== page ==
MIll Valley grad relishes D.C. intern experience
As a student at Mill Valley High School, Samantha Speer remembers an assignment to write a letter to her representative about the issues most important to her.
She kept that experience in mind for the last few months, as she worked as an intern for U.S. Rep. Eric Paulsen, R-Minn., in Washington, D.C.
“It was neat, because that is exactly what I was dealing with in D.C.,” she said. “We got letters on a regular basis from classrooms or students expressing opinions, and it was really interesting to be on the other side of that.”
Speer is a senior in journalism and political science at Kansas University and just completed her internship through the KU’s 25-year-old Washington Intern Program, which this spring included 15 KU students and three Wichita State University students.
Interns can earn up to 12 hours of credit for participating in the program, but Speer said the real-life experiences she got went far beyond college credits.
“My internship was more than I expected or could have hoped for,” she said. “… I did different tasks on a daily basis, and I learned more there than I probably ever could from a classroom. The real-life experiences, for example the healthcare debate, that I got to be a part of will stay with me forever. I was in the hub of the entire nation during huge historic events, and I got to talk to people about it every day.”
Speer was active in newspaper and yearbook at Mill Valley, so she said there was no question in selecting journalism as a major in college. She added her political science major after her first two years at KU.
“I realized (journalism) was a rather narrow field and I wanted to combine something with it,” she said. “I took an introductory political science class and liked it, so I stayed with it.”
Time spent in KU’s Blake Hall taking those political science classes led to Speer’s involvement in the internship program. During her downtime, she would check the bulletin board in the building, and it was there she saw a poster that read “Spend a semester in D.C.”
One look at the poster was all it took for Speer, who was born outside of Pittsburgh, Pa., to make her decision.
“I am from the East Coast, and D.C. was someplace I had only been once and it sounded amazing,” she said. “I spent so much of my college career focusing on journalism, working for the (University Daily) Kansan and doing internships related to journalism, that I really wanted the experience for my degree in political science. And D.C. sounded like the perfect place to go, away from school and work and to try out a field and place I could see myself in down the road.”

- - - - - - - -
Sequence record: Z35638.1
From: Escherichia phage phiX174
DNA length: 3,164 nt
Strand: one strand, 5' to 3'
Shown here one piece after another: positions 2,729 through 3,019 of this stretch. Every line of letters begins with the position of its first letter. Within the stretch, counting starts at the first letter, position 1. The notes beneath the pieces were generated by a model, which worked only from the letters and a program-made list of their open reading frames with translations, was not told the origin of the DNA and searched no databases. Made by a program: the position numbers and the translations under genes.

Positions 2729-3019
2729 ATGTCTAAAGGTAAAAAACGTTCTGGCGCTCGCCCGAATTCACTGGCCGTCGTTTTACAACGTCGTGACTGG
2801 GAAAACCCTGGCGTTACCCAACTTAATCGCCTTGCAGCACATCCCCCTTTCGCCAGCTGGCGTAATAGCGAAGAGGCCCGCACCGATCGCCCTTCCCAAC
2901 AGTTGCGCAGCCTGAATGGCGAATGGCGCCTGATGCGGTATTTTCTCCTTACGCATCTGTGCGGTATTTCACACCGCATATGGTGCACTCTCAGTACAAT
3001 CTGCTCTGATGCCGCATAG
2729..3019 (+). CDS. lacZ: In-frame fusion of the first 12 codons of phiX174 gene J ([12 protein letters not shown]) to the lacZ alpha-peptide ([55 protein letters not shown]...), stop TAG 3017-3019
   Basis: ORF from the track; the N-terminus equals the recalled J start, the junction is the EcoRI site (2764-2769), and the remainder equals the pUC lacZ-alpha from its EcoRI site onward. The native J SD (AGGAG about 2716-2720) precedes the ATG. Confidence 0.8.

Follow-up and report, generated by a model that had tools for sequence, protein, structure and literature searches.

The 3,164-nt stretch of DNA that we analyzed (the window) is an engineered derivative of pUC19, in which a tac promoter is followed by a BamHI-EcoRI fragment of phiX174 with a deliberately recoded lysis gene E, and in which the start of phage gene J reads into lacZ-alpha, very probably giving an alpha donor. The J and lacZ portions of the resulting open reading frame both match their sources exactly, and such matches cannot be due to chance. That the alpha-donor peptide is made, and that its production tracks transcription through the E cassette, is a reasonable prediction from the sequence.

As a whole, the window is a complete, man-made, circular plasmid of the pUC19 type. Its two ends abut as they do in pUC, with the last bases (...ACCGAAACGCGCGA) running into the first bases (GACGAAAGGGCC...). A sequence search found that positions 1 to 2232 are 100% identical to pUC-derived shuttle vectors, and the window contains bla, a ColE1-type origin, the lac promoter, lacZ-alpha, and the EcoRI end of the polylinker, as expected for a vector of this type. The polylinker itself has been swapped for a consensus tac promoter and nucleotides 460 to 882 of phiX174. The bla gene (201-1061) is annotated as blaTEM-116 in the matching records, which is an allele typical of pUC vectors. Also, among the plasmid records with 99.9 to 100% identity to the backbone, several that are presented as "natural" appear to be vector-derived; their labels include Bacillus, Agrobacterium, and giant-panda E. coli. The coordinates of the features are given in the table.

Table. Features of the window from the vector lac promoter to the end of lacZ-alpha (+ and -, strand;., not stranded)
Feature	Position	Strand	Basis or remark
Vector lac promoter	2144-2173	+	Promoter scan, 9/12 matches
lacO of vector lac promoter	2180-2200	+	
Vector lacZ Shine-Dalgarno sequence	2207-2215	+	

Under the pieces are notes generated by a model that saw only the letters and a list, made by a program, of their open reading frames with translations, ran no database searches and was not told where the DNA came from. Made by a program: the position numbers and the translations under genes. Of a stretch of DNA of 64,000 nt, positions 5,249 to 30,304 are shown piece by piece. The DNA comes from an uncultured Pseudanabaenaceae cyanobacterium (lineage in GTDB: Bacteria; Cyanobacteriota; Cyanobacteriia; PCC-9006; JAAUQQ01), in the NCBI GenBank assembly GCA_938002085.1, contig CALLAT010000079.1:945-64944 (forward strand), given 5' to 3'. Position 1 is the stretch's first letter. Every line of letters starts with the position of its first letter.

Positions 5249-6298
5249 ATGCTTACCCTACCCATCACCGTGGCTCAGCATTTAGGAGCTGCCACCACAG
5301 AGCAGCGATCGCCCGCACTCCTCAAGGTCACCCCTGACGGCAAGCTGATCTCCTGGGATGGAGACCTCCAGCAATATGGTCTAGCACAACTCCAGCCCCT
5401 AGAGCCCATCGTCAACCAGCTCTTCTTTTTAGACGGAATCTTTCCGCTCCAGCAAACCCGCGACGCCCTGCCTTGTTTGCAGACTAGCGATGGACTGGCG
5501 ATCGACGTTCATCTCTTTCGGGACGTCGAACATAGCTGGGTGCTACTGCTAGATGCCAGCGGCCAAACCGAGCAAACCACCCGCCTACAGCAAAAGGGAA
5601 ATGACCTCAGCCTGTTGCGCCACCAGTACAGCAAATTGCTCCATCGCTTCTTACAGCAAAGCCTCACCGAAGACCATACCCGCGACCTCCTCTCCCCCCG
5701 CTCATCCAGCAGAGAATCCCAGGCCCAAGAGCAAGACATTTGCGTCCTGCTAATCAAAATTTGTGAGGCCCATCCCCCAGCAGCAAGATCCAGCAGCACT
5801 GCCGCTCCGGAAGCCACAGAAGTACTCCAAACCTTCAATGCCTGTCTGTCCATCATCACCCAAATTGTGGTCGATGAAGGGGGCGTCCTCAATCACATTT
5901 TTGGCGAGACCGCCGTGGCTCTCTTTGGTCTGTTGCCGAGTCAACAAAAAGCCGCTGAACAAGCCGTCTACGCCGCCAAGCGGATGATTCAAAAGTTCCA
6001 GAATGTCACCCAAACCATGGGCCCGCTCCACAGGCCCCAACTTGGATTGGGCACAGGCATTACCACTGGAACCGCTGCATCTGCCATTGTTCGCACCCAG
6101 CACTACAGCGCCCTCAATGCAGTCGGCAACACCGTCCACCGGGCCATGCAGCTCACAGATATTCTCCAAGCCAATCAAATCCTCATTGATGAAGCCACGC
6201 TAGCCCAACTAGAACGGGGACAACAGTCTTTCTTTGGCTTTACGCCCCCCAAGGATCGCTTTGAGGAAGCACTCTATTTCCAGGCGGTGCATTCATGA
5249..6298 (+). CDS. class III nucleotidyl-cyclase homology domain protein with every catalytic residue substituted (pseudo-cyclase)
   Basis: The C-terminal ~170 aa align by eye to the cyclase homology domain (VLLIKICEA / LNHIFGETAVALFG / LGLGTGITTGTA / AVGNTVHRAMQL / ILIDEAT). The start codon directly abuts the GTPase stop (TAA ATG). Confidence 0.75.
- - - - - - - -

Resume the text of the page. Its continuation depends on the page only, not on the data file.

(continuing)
Speer said the application process for the program was easy enough. After contacting coordinator Burdett Loomis, Speer received e-mail updates about internship openings in Washington. To apply, she wrote a one-page essay about why she wanted to take part and what she believed she would gain from the program.
“I’d say the most stressful part was how much D.C. procrastinated in searching for interns,” she said. “Most of us did not get internships until the last two months or so before we left.”
This, she learned, was common; filling internships early is not a top priority on Capitol Hill. Speer said she had a few interviews before selecting the position with Paulsen.
Speer said her main job was to be involved with constituents, answering phones and organizing e-mails, letters and faxes, in addition to giving Capitol tours.
“Luckily, Congressman Paulsen’s office really tried to involve their interns in all aspects of the office,” Speer said. “We all got to do a ton of different tasks and that way we all learned a lot about the workings of a congressional office.”
Interns also wrote letters, frequented the flag office, ran errands, attended briefings and wrote summaries. Speer said she also has learned a lot about U.S. history during her time in Washington.
“Although it was the most tiring, my favorite thing to do was giving tours,” she said. “I am generally a loud and friendly person and enjoyed all the talking and information sharing involved in giving the Capitol tours.”
Interns also met up weekly with the intern program’s Washington coordinator, Stephene Moore, wife of Congressman Dennis Moore and candidate for his seat. She took interns on tours of the capital and helped them meet with Kansas representatives and senators.
“It was absolutely amazing,” Speer said. “The people I met, discussions I had, places I went and tasks I was in charge of in D.C. convinced me that this was the place for me in the future.”
Now, Speer is planning on an internship in Disney World from Aug. 23 to Jan. 7, 2011, a program she learned about while in Washington. She hopes the experience will help her in the future, should she try to get a job with one of the corporations owned by Disney.
“After Disney I have one semester of school left, and as of now my plan is to get back to D.C. as soon as possible,” Speer said. “I loved being in the hub of everything that is going on in our nation and even internationally. However I am also excited to look into the possibilities that Disney might open up, I would definitely put it at my top five companies to be employed by.”